In Harm’s Way (1965) *****

Preminger at a peak, the more I watch this picture, not just the more impressed I become but the more I want to watch it again – three times, as it happens, for this review. A tale of heroism populated by morally wounded heroes, the undertone of critique for the Naval establishment dealt with in brilliant narrative fashion, terrific pacing, one of John Wayne’s very best performances, Kirk Douglas not far behind, great action scenes, and one of the few movies to fulfil this director’s original intent.

You can, of course, argue that it’s the height of political PR. Just as the Americans managed with The Alamo and the British with Dunkirk, the aim was to turn defeat into victory, so this moves beyond the humiliation of Pearl Harbor to the victories beyond. But in some sense Pearl Harbor is just the prologue to a stiffer examination of men at war, rather than sailors taken to task over the complacency that left them so open to cataclysmic attack.

And while there’s a number of sub-plots, these are more expertly handled than I can recall in many another lengthy big-budget picture, no endless cutting between major and minor characters, but the minor characters only entering the frame when they have a dramatic part to play.

Captain “Rock” Rockwell (John Wayne) falls foul of his superiors for basically being in command of a ship sunk by a torpedo. On a technical point, he’s stripped of command, and reduced to a desk job, a casualty of the peace-time hierarchy determined to find someone to blame, only returning to active duty – and promoted to Admiral – when more war-oriented figures are put in charge.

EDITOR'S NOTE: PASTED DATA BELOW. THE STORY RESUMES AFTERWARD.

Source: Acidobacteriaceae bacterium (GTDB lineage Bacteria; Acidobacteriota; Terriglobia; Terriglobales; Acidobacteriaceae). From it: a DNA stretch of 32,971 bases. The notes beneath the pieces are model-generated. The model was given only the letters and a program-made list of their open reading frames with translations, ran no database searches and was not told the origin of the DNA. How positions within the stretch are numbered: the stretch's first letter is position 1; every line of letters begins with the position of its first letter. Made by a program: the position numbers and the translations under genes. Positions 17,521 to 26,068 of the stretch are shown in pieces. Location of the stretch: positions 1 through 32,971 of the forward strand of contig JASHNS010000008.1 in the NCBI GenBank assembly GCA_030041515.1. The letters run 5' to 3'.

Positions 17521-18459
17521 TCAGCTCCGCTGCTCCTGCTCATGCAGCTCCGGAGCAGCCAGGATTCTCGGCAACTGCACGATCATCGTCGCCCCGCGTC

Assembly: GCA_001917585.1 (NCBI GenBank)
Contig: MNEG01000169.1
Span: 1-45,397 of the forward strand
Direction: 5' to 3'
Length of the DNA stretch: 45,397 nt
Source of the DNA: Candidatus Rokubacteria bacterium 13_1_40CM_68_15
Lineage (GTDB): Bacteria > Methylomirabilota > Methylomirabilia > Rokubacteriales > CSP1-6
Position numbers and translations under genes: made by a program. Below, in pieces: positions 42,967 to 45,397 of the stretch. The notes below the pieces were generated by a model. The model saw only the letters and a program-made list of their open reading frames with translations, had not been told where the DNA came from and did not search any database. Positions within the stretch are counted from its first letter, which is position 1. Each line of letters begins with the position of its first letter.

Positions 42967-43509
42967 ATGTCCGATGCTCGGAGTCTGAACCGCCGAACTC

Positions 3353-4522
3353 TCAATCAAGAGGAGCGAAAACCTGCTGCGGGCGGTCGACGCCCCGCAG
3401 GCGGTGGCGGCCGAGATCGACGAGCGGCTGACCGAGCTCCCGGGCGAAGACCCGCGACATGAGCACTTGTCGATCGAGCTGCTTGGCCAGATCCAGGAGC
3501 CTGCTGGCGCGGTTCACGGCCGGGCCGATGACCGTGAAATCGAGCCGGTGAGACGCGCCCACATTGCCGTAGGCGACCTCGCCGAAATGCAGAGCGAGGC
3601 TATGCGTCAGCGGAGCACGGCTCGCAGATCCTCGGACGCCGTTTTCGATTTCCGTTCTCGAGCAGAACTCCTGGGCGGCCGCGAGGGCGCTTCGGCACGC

The desk job gives him time to romance feisty nurse Lt. Maggie Haines (Patricia Haines) who has the cojones to take charge of the budding relationship. She happens to share an apartment with another nurse, the much younger Ensign Annalee Dorne (Jill Dorne) who is dating entitled Ensign Jeremiah Torrey (Brandon de Wilde), Rock’s estranged son.

Jeremiah works for slimy glory-hunter Commander Neal Owynn (Patrick O’Neal), a former U.S. Congressman using his political skills to worm his way into the office of by-the-book Vice Admiral Brodick (Dana Andrews). Rock shares his apartment with Commander Egan Powell (Burgess Meredith), a thrice-married playboy, high up in Navy intelligence.

Rock’s second-in-command is Commander – junior to a captain in case you don’t understand the U.S. Navy ranking system – Paul Eddington, a hothead whose mourning for dead wife Liz (Barbara Bouchet) results in him also being reduced to a desk job and exiled to the Pacific. On the fringes of the story are Lt. Commander “Mac” MacConnell (Tom Tryon) and pregnant wife Beverley (Paula Prentiss).

How all these characters enmesh is the consequence of a quite brilliant screenplay by Wendell Hayes (Advise and Consent, 1962). Rockwell and Eddington both seek redemption, the former to prove his Naval worth and regain the affection of his son, the latter to absolve himself for his terrible actions.

You can always tell the hero in war films because they are so rarely a physical casualty of war, all the others are killed and wounded but hardly ever the hero, so it takes something for the Hollywood Hero of the Century to play a character who is wounded not once but twice, and for the early part of the picture walks around with his arm in his sling (not quite an echo of the way he holds his arm in The Searchers, but evoking the same internal conflict).

The only supposed out-and-out hero is MacConnell, but his inaction at the beginning of the movie fails to prevent the death of Eddington’s wife. And his heroism largely takes place off-screen and it’s worth noting that Rock doesn’t raise a rifle or pistol in anger (or even get into a punch-up as was the actor’s wont in other films). Being in charge he’s removed from the core action even if suffering the consequences of battle. In a marvellous touch of irony, Rockwell is the most passive hero to hit the screen. It’s an incredibly bold and self-confident director who would even think of luring audiences into an action picture starring the Hero of the Century and then denying him a single moment of screen glory.

Much has been written about the cinematic arc John Ford took in the beginning and ending of The Searchers, the symbolic opening and closing of doors, but since Preminger is long out of critical favor nobody’s has bothered to notice how much of this film concerns cinematic echo.